When you set a trap for a nuisance critter, you better be prepared for what happens if you actually catch something.
I bought a couple of live-catch traps at the local feed store to see if I could catch the varmint--suspected to be an armadillo--that had been digging up my back yard. I placed them out in the middle of the back yard, and after no action for a few days moved one of them back onto our back porch. I neglected to take the bait out and disarm it.
This afternoon I stepped out back to refill the bird feeder, and detected a whiff of something at the opposite end of the scent spectrum from a bar of Irish Spring. A quick glance at the trap confirmed via my optic nerve what my olfactory sense was hinting at. There was a skunk in the trap. There was a skunk in the trap, on my back porch. There was a skunk in the trap on my back porch, right next to my back door.
Luckily, Pepe hadn't le pewed yet. But, I didn't know how I was going to free the little bugger without getting sprayed in the process. I reckoned that I would gently move the trap off the back porch and as far away from the house as possible--if I could. I changed into some clothes I wouldn't mind burning, grabbed an old towel and eased up to the trap. I draped the towel slowly over the trap, gingerly picked it up by its handle and headed for the back forty--expecting to get perfumed at any moment.
There was no explosive emanation forthcoming. I set the trap down, put on a pair of gloves to protect against a bite, opened the door of the trap, locked it in place and stepped away expecting our unwanted guest to leave at his earliest convenience. Instead of departing the premises, the little stinker backed further into the cage and tripped the trigger springing the door closed again with a clang. I sucked in a deep breath and went into my sprinter's crouch, certain I could outrun stink molecule propagation should the skunk be startled into fumigation. Pepe sat calmly curled up against the back of the trap. I eased the trap over on its side and locked the door open again so that he wouldn't step on the trigger if and when he decided to leave.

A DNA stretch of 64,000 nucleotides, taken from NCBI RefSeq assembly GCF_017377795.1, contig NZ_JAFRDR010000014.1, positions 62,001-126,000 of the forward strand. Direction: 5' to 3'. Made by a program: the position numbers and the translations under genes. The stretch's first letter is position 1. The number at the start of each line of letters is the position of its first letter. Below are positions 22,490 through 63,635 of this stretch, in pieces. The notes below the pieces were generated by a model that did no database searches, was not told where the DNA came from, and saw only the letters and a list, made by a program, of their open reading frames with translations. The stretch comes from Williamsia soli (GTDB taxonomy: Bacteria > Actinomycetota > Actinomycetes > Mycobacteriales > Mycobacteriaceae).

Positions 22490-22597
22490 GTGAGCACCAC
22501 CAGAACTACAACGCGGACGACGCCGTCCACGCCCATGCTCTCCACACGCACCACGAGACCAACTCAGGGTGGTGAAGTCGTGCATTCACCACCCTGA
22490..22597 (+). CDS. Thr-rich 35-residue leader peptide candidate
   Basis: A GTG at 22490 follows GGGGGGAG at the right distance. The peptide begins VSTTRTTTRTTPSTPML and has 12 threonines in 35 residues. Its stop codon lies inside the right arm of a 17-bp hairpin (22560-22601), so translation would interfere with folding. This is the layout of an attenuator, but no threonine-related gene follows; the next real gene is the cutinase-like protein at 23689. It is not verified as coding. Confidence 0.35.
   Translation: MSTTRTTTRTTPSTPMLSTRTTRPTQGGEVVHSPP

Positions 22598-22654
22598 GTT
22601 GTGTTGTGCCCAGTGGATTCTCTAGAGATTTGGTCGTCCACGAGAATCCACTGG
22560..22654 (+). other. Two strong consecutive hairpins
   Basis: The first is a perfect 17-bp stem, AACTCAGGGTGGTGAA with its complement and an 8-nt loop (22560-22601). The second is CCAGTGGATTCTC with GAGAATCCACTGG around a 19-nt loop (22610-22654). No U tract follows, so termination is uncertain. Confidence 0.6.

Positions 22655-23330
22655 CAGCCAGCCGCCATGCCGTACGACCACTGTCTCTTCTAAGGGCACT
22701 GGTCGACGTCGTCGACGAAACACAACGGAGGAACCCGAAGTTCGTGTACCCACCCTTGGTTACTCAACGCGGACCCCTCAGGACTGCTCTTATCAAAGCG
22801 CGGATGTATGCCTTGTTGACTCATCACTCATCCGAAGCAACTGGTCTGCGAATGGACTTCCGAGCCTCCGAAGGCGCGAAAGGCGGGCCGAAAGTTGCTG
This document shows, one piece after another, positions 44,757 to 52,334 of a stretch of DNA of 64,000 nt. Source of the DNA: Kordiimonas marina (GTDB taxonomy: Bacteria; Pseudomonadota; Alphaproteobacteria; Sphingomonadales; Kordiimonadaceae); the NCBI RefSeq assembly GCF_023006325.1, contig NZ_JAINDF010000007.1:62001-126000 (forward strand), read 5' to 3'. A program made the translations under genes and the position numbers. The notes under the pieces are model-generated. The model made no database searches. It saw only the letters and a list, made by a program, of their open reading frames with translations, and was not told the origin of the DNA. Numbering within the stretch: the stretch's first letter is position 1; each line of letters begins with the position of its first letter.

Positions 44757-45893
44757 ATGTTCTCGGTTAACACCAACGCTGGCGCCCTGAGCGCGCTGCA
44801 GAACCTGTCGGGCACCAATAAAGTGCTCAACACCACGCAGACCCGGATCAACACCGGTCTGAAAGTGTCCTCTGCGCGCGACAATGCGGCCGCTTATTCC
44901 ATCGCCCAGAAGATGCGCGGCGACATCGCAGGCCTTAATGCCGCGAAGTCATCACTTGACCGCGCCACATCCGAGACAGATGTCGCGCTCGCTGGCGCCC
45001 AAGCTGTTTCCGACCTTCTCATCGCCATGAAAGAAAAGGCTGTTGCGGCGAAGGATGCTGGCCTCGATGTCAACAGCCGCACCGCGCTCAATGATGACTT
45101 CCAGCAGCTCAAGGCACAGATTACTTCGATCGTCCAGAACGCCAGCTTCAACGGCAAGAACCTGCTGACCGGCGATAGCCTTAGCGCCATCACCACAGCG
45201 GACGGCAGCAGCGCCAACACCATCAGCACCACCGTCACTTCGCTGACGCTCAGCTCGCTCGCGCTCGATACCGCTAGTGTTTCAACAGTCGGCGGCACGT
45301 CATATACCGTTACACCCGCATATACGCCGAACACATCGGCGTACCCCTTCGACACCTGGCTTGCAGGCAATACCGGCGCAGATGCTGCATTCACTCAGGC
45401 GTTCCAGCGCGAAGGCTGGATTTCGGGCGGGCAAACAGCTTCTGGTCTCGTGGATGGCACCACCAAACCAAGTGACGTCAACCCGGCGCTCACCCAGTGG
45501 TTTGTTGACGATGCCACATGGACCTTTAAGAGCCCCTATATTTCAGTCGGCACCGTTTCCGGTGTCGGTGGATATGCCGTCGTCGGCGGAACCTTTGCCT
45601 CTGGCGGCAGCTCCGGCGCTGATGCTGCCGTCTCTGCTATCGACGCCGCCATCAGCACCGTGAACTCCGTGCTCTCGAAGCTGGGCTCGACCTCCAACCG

At dark this evening the skunk was still crouched in the trap. Hope he'll make good his escape under cover of darkness. If not, I'll have to call in the Skunk Whisperer--Miss Brenda.